Well, I'll tell you what, that wins...
..the funny-shaped pumpkin contest!
These will store for between three and six months,
depending on how hard the skin is and the storage conditions.
It wants to be cool, and slightly moist but not too wet.
And you'll know the problem is
they start to rot and you get a slight leakage.
But just check them. Just turn them over and check them,
and if you can have air flowing around them, so much the better.
And of course, eat them!
If you want to attract wildlife into your garden -
and why wouldn't you? -
then by far the best way to go about it is to make a pond.
It doesn't matter how simple it is,
it transforms things.
However, you do need to tend them. You can't just leave them,
because very quickly they can become a tangle of plants
And Frances has been to Wells in Somerset,
to visit the garden of Andrew Harris,
who has found that his pond has become completely overgrown.
So, Andy, why is it that you've asked for help with this pond?
I can't seem to encourage anything
-in the way of frogs or newts or dragonflies.
-It's clearly quite kind of congested in here, isn't it?
Yeah, it's rammed.
Which is great, because the plants are doing really well.
But I think if we get this all cleared, then
we can see what we've got to work with and see how it can be improved.
-Andrew's pond will have plenty of bugs and microorganisms.
The problem is, there's just too much vegetation
to attract the wildlife that Andrew loves.
So he needs to create some clear water.
This is the Iris pseudacorus, the yellow flag,
which is actually quite an invasive species.
And you can see why there - it's just taken over, hasn't it?
-Look, it's empty!
-When filling a pond, ideally use rainwater.
Tap water CAN be used,
but it needs to be left standing for a day or two,
or treated with a dechlorinator.
So now the pond is full, what are your thoughts on the flag iris?
I think it's far too big for the pond, it's probably too tall,
and the flowers aren't there much. They don't last very long.
-Let's leave it out, then, shall we?
-I think so, yeah.
And this pickerel, I think, is one to keep.
-Isn't it gorgeous?
-Yeah, especially with the sunlight on it.
-That's beautiful, isn't it?
The problem is, this is an invasive species, so you have to be careful.
If you were anywhere near a watercourse,
I would say don't plant it.
But you're not, it's a contained pond and you have it in this trug,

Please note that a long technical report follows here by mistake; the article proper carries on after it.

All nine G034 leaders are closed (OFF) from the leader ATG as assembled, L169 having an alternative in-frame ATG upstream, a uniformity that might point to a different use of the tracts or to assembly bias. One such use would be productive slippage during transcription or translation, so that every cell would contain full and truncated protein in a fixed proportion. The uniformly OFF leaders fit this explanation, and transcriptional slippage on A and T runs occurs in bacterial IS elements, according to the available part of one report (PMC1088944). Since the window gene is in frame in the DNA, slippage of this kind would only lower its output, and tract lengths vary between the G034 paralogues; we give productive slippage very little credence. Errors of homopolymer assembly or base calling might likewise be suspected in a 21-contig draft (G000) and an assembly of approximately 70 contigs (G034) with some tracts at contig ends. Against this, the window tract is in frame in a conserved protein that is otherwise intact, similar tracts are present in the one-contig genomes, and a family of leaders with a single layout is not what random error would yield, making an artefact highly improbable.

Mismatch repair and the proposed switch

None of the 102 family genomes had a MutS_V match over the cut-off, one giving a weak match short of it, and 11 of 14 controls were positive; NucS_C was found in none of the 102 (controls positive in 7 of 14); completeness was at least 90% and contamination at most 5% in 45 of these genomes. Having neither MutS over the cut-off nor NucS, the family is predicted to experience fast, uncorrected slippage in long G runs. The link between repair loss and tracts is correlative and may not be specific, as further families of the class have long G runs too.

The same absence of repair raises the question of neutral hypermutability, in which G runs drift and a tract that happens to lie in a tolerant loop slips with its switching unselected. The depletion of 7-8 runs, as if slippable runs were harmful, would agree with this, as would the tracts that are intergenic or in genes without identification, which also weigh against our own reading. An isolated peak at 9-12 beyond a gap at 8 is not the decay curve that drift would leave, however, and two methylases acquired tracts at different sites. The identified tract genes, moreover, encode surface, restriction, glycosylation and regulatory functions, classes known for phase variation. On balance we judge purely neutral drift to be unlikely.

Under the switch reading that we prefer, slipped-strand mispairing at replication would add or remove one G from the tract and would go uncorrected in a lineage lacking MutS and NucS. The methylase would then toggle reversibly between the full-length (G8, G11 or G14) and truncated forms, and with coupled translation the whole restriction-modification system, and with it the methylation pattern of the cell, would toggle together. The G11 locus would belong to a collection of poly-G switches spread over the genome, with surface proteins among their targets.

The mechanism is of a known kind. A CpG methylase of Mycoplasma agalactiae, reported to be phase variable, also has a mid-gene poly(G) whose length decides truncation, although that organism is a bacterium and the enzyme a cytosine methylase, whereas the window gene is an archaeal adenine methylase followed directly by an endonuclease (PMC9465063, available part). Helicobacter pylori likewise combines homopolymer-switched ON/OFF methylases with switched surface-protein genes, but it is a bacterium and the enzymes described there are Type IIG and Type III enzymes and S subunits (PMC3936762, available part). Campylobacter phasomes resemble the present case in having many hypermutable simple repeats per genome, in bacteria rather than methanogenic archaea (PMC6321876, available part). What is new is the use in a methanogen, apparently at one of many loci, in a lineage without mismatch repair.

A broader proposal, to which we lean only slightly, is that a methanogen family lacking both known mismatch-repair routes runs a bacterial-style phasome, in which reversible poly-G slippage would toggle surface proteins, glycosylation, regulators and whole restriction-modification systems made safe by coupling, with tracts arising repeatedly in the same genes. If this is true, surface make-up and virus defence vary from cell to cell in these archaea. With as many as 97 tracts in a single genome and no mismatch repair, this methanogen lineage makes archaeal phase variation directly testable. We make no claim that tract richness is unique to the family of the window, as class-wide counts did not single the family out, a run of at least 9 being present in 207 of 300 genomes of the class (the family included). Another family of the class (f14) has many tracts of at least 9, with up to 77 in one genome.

which will stop it spreading far.
So what we need to do to get this looking its best
-is chop down any of these that have snapped.
Because this plant's really, really high in cellulose,
so all this leaf that's hanging in the water will break down
and release all the sugars into the water.
Which encourages the growth of things like algae.
-So, as soon as they snap...
-..chop them off.
-And it's a really, really good plant for wildlife, actually.
It's really good for bees and butterflies,
and it's a fantastic thing for the dragonfly larvae to climb up
and then launch from, so it's a really useful plant.
Ah. That's what I'm looking for.
Are you happy with the position?
Yeah, that's great. Looks really good there.
Cool. All right then.
So this is a classic example of how congested a pond can get...
-..very quickly. I mean, look at all the stuff we've removed.
Yeah, it's amazing.
And actually you only want 50% of it to be covered with the foliage.
So you have kind of optimal habitats
-for all different kinds of animals, insects...
And you get the reflections coming off the water
and that sort of thing, bouncing off the trees...
Which I haven't had, it's been just like any other border, you know.
-Exactly. I mean, it looked like a bog garden.
-It did, yes.
So what I think we should do is pot on some of these,
and then just get rid of whatever's left over.
So a waterlily, one marsh marigold,
-and that's it.
-So we're really streamlining.
And to do that is really easy, you just need an aquatic compost.
So it's very much like any other potting on you would do,
only your container is absolutely full of holes
so water can come and go easily,
and the compost that you use is a specialist aquatic compost.
And other than that,
you just would do it in very much the same way
-that you would do anything.
-So this is the waterlily...
Is that too much on there, do you think?
Yeah, maybe half of that would be enough,
-but that'll quite quickly fill up.
So I'm taking off the excessive roots
so that they're not curling round...
-So if we put a good covering of gravel on the top...
..that will really weigh it down as it goes in.
Cos the last thing you want is all this compost floating away,
-in your pond!
And bizarrely...even though they're going in water,
-they need a really good soak before they do.
It'll just help them to sink more quickly.
And now you have to think about where you want them!
-Shall we put the marsh marigold in first?
There we go.
Now the waterlily.
-Andrew's waterlily is really quite large.
So it WILL need regular dividing.
Or he could think about replacing it with a smaller variety.
And then obviously... the leaves float on the surface,
which provides fantastic shelter for frogs and any amphibians -
they can shade under there and also hide from predators
and birds and things like that,
so they're a really, really good thing for wildlife.
-So now we've created a haven...
..for wildlife to come into your pond, and your garden,
-we now need to allow them to get out of it again.
So it's a really important step
and just by putting a couple of rocks in, like this,
it can come up here and then get out and come in any time it likes.
So then it's just some smaller plants.
And because these are in fabric pots,
they'll fit into the nooks of the rocks quite well.
This is an equisetum
and it needs to be submerged, but not quite as deeply as the others.
So that will be a good place for that.
That's water mint, Mentha aquatica, which is really a fantastic plant
because it floats on the surface, it's called rafting.
The roots will hang down and really cleanse the water.
And it really smells of mint.
It does, it's a lovely, fresh, kind of spearminty smell.
-It is. Is it edible?
-It is edible, yeah, it's absolutely edible.
-No-one's going to believe us.
-I know. There's a frog.
It's amazing. If you build it...
-..they will come.
-Well, let's hope so.